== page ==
A new office design fitout or renovation of an existing space, can be an expensive project. But if it’s done right, it can transform your office and bring business improvements. It’s also an opportunity to promote your brand, when you design your space using decorative elements and colour. We’ve been doing some research on the latest trends in design for new office fitouts.
We’ve got some helpful tips for window film maintenance that will ensure your windows stay looking great long after your window film has been installed. Window film is a highly versatile product that is used in residential and commercial settings for privacy, to meet building regulations and for brand promotion and design.
When high quality window film is installed and maintained properly, it should last for many years. In this blog we’ll look at how to remove frosted window film and how to maintain it, so your decorative windows, meeting rooms and entrances continue to look good for as long as possible.
Frosted glass film and visual indicators have many practical applications – to provide increased privacy and light, for decorative purposes and also to meet building regulations. That’s why frosted glass film is used by builders and designers to make sure new buildings meet safety and accessibility standards.
Aesthetics & Design
Frosted glass film is a practical material that solves aesthetic issues so that people can better enjoy the spaces in which they live and work. It is an incredibly versatile and affordable product, used to achieve privacy, block out an unattractive view, and have a decorative or design impact, while maximising exposure to daylight.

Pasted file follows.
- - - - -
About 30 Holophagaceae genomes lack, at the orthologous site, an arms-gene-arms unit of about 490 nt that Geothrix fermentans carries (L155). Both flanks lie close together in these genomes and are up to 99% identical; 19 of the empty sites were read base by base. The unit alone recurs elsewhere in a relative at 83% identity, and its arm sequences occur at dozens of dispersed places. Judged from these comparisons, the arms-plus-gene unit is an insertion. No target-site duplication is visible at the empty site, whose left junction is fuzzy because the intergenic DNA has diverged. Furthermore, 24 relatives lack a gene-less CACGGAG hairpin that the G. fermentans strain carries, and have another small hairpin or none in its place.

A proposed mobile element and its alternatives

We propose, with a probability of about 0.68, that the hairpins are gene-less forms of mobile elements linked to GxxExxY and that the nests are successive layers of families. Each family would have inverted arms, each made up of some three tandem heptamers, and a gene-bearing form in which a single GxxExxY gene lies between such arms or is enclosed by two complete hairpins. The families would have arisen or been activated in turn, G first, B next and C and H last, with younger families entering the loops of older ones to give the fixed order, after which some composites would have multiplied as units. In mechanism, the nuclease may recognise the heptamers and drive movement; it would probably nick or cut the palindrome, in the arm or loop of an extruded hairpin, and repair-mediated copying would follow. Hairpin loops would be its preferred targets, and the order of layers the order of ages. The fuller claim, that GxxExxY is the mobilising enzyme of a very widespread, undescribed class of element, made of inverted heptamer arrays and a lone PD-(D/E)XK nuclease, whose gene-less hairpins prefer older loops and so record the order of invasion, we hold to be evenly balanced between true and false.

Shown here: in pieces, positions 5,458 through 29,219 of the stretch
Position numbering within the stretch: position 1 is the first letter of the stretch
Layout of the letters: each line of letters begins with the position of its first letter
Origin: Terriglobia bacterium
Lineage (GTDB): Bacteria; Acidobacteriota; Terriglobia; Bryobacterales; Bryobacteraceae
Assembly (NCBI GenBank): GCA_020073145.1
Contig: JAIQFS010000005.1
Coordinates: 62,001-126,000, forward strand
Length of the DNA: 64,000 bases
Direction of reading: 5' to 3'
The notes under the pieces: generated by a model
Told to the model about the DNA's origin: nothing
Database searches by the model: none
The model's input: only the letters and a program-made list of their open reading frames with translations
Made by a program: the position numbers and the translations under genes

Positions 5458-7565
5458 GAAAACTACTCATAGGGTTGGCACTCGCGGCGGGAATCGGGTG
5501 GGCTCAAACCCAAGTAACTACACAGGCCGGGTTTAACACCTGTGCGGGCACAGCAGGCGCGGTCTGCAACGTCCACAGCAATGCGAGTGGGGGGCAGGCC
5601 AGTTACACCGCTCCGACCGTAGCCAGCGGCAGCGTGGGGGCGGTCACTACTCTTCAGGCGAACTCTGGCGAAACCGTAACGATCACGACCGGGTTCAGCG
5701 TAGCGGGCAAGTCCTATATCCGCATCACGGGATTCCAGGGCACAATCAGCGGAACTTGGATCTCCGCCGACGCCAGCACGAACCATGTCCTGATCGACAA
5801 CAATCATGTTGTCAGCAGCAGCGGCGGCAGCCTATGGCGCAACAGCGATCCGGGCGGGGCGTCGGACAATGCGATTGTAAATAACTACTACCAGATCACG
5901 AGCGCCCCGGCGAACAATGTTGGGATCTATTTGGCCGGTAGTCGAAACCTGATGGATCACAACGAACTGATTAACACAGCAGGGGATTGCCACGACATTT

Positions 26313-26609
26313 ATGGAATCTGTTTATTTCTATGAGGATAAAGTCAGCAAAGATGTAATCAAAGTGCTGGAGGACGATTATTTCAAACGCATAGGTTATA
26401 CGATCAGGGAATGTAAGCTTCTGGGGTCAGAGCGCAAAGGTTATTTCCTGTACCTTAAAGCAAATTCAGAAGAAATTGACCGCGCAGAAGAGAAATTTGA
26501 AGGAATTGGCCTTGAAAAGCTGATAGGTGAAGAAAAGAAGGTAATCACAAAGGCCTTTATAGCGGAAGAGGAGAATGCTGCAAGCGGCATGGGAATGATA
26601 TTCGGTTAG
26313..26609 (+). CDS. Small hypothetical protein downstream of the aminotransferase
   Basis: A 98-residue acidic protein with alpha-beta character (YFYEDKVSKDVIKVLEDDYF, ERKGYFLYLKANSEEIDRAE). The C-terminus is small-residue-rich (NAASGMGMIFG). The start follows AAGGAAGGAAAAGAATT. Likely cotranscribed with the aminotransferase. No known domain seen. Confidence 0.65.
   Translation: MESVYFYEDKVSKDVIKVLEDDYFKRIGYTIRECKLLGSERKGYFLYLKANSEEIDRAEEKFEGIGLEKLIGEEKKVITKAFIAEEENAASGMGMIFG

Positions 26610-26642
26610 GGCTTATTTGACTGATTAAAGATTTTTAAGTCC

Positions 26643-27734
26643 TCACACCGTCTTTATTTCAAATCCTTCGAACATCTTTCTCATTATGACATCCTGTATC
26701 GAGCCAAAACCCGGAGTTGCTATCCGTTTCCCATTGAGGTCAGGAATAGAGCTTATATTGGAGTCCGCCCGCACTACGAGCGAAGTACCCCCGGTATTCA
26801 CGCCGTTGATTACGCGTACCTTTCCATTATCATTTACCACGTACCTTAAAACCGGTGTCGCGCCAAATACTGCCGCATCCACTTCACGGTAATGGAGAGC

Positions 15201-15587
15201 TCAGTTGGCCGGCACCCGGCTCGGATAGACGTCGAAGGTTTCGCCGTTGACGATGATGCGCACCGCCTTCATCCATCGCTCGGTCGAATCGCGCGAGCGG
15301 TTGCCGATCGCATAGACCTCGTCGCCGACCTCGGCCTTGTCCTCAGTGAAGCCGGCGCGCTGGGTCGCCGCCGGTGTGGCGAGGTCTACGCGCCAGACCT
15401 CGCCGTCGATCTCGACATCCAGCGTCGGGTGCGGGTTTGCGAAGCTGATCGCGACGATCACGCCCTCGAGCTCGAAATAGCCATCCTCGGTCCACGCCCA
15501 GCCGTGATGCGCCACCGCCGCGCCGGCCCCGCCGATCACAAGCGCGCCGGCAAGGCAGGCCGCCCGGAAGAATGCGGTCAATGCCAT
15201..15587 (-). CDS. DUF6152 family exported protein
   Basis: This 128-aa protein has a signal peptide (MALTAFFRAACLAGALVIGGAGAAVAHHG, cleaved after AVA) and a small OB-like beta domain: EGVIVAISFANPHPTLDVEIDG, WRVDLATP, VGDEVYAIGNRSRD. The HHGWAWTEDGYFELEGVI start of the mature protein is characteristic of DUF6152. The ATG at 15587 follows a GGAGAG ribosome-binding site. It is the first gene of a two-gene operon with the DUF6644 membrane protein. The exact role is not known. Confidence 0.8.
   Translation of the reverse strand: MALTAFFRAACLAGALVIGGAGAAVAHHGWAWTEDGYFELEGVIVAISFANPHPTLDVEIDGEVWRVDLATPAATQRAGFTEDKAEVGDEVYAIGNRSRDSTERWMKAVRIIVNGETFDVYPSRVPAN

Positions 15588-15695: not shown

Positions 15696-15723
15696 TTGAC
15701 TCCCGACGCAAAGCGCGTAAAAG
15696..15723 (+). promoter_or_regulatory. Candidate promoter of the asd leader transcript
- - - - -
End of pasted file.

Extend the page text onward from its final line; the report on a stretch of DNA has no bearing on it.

Frosted glass film also has a practical application when applied using the principles of feng shui.
Frosted window film is an incredibly versatile product with multiple purposes, but not all products are equal in quality or life span. In this blog we will be talking about three high quality frosted window film products – 3M, Avery and Metamark – and their scope for different types of projects.
Window Film To The Rescue
If you are buying an apartment or house, or renovating a house or commercial office, it is useful to have an understanding of the building regulations that can impact you and will effect any changes you make. In this blog we are talking all about regulations relating to windows, specifically privacy and safety. We will also be looking at how privacy window film provides an affordable solution for residential and commercial clients facing safety and privacy issues.
Privacy window film provides a solution to privacy by blocking out prying eyes or an unsightly view, without blocking precious daylight. Contemporary apartments and office spaces frequently make the most of natural light and views outside by installing large windows. But those beautiful views and light filled spaces, while attracting potential buyers and tenants, can also cause privacy problems. In this blog we answer some common questions about using privacy film for windows and glass.
When many people think about window film and frosting they think of bland office partitions or a frosted window in a bathroom or beside a front door. But frosted window film has come a long way and is now used to create beautiful or bold design elements in residential projects, offices and other commercial settings.
Apply to Glass was proud to feature on Foxtel’s popular TV series, Selling Houses, recently. Hosted by Australia’s best known and talented interior designer, Shaynna Blaze, Shaynna sourced frosted window film from Apply To Glass to update and make improvements to a small cottage in Wollongong. The charming seaside cottage had a large garden, but prospective owners were put off by a lack of privacy to the kitchen and the garden from a multi storey apartment building that had been built on the adjacent block.
There is a misconception that all frosted film and window privacy film is the same. Window films come in different thicknesses, qualities of glue, and chemicals used in the final stages of production. All of these factors play a part in how long the window film lasts and how good it looks for the full period of its use. Cheap and standard films tend to peel and bubble after a short number of years. High quality films always look good and last for many more years.